MELINDA EPLER: Yeah. And Catalyst just also released a report on empathy. Can you share a bit about empathy and the role empathy plays in leadership? Or should play, could play, ideally plays.
ANDREA TATUM: Yeah, absolutely. You know, for me, it was really good. Like, the thing I love about working at Catalyst is I am still learning and I think everybody has the opportunity to always be a learner and I had never really thought about empathy as a skill and that’s something they brought up and said, you are not either born with empathy or not. You can learn it. You can learn to have empathy as a leader and it’s really a superpower and has the ability to drive so much within the workplace. I mean, it can drive collaboration, it can help to reduce stress in the workplace, and it can really help to bring people together, and increase morale and all of these other things. There is so many benefits to being able to have empathy and the report talks about some of those benefits and how it’s a skill that ultimately can be cultivated but you have to work at it just like anything else. I can’t expect to lose wait if I eat what I want and don’t go to the gym. That’s not realistic. I think about empathy and inclusive leadership as skills that you actively have to work towards. It is a muscle that you can build over time.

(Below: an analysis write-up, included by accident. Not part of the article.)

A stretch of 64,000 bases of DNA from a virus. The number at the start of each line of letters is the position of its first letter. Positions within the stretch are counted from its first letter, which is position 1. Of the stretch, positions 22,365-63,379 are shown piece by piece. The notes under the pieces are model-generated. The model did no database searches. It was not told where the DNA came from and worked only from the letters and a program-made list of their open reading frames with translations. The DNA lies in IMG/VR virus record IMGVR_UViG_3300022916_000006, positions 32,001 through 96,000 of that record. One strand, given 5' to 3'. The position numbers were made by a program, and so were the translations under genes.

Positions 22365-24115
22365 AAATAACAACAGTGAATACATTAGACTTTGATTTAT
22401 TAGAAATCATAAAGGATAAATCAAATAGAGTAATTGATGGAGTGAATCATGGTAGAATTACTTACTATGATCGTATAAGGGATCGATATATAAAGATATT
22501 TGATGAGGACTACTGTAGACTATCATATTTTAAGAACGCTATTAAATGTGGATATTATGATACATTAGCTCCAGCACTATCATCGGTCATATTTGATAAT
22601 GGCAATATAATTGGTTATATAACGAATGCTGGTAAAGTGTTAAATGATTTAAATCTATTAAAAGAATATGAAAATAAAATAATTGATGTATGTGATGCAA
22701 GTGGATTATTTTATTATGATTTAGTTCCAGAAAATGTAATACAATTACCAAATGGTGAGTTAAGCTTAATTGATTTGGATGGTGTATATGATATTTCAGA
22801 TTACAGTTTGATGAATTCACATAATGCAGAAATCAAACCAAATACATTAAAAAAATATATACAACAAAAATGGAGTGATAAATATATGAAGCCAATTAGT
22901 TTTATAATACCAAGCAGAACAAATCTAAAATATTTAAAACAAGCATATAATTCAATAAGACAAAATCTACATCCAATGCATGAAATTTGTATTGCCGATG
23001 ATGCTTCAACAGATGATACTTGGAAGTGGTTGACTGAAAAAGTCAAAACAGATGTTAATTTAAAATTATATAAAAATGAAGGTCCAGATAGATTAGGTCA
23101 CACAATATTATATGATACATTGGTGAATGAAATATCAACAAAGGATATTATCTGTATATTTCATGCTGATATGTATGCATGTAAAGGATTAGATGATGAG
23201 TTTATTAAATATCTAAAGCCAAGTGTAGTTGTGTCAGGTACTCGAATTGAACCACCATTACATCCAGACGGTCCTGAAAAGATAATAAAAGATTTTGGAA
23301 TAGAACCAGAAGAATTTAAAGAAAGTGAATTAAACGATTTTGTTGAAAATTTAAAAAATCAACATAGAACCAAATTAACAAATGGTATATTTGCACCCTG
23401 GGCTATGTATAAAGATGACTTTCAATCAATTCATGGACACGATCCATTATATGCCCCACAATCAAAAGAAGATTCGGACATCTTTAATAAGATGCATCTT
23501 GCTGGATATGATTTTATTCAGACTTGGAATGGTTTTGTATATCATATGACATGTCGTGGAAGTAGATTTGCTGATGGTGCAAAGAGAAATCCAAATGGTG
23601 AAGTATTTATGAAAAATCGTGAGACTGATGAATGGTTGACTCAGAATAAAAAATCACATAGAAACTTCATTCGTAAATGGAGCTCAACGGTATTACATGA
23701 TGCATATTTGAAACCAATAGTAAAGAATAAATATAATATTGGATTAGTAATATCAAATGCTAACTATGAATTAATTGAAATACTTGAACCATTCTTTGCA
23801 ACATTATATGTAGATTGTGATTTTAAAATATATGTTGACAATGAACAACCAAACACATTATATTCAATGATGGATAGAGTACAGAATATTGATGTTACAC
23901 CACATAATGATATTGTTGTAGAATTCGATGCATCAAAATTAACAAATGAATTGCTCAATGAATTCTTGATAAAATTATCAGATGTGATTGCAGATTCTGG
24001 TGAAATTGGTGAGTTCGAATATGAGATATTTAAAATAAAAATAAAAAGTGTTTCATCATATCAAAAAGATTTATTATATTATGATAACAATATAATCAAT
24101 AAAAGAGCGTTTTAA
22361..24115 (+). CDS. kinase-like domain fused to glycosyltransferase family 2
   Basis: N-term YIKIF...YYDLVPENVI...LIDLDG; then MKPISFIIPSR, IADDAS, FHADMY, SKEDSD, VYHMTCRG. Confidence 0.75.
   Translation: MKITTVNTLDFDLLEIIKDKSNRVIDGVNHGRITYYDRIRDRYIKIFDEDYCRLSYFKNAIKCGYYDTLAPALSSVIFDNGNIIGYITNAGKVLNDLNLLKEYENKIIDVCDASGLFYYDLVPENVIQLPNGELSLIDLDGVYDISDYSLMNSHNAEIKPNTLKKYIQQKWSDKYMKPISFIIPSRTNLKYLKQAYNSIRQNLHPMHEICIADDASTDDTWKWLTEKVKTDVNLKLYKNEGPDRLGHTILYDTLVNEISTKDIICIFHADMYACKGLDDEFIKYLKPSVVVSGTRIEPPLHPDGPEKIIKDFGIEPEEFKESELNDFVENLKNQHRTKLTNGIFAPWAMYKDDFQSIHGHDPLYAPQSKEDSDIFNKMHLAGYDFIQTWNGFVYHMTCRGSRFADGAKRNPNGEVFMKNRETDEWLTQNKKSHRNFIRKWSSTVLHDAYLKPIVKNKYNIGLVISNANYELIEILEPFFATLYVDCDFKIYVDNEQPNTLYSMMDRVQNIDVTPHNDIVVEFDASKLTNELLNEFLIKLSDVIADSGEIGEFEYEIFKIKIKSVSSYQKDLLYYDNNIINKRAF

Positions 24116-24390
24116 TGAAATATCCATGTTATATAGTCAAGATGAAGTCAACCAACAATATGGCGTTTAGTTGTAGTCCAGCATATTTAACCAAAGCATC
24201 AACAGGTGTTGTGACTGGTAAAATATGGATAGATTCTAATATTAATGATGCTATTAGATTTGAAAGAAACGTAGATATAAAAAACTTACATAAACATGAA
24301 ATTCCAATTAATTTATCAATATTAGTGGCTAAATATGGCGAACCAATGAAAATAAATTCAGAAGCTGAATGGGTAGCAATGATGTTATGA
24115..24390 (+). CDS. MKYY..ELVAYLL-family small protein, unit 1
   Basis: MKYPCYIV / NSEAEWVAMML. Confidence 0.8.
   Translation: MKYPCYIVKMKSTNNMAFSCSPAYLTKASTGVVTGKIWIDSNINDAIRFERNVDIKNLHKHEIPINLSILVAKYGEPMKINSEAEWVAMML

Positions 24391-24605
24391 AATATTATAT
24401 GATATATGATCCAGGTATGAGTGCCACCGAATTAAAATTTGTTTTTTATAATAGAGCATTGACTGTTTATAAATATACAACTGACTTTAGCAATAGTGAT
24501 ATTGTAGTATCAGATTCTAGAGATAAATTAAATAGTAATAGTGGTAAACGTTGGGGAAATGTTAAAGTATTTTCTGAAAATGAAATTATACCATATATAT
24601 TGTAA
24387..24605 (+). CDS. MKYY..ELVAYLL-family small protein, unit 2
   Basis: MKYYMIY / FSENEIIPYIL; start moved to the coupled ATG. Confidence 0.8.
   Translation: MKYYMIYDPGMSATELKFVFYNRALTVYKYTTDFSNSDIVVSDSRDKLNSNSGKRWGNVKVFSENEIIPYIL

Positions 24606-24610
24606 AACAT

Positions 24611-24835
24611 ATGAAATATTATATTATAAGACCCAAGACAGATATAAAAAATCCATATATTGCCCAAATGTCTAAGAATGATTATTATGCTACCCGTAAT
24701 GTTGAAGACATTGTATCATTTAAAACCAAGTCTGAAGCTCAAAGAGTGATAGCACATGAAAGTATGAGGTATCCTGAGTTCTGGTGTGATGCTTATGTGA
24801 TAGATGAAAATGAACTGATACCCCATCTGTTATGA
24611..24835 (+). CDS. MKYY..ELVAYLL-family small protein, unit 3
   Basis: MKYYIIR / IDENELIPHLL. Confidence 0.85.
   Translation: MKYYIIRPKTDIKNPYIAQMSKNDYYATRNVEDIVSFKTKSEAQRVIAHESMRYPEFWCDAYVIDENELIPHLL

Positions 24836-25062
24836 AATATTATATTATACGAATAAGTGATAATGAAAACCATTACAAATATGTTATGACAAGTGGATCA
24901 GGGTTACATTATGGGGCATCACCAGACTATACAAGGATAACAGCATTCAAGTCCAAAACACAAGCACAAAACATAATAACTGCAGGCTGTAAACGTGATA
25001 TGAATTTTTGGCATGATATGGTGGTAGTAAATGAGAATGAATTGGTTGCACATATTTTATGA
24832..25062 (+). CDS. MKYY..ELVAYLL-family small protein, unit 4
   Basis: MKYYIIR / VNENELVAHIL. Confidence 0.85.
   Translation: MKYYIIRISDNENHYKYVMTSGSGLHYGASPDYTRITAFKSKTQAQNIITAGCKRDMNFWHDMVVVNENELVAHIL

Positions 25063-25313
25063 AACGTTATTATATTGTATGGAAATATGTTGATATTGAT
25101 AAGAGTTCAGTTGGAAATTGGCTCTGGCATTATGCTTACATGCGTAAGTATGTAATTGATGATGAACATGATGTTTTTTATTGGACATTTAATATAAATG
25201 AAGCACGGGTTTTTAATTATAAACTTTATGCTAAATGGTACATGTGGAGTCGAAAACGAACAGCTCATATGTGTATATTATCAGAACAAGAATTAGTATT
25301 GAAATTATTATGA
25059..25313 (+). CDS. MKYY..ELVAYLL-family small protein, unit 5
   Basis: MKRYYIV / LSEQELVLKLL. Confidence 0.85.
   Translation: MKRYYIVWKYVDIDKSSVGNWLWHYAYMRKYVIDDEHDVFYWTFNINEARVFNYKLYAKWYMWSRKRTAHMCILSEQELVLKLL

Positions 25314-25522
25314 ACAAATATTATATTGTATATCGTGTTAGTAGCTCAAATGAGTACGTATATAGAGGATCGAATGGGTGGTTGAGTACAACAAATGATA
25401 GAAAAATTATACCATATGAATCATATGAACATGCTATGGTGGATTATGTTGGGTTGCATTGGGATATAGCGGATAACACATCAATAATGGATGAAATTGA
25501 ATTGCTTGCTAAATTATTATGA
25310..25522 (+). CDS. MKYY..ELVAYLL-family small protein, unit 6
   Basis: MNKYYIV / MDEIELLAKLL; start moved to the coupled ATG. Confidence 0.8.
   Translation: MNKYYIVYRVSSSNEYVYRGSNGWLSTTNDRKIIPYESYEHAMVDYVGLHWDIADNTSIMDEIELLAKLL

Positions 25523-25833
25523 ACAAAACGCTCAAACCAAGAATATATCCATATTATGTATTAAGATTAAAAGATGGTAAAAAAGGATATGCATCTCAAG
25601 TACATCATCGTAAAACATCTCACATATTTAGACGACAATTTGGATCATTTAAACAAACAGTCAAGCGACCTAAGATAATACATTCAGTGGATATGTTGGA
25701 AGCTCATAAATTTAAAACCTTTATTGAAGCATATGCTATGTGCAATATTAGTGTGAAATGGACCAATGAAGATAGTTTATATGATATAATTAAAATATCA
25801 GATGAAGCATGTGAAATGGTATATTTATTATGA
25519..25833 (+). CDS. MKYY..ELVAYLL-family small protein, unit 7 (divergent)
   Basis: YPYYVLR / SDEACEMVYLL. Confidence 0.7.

MELINDA EPLER: Yeah, yeah. So much in there that I want to dive into but I think the first is that, you know, it seems like there are two pieces of empathy and activated empathy. Empathy itself — I believe empathy needs to be active. That it is not a passive like — you are not just having pity for somebody but you have really learning and exploring and understanding their situation and understanding and then taking action on it.
ANDREA TATUM: Absolutely.
MELINDA EPLER: And activating that empathy. It seems like when we have talking about the emotional tax which is a combination of navigating the workspace that was not necessarily created for you, white spaces when you are — and the stereotype that can play a role and the code-switching and all of that stuff and maybe feeling tokenized at the same time and there is a lot of weight to carry in that moment and on top of that experiencing micro aggressions or micro exclusions and I think there are two ways that empathy plays a role. One is in understanding what somebody is going through and taking action to solve that moment and solve for that moment and also mitigating the short and long-term impacts I think is a combination of both.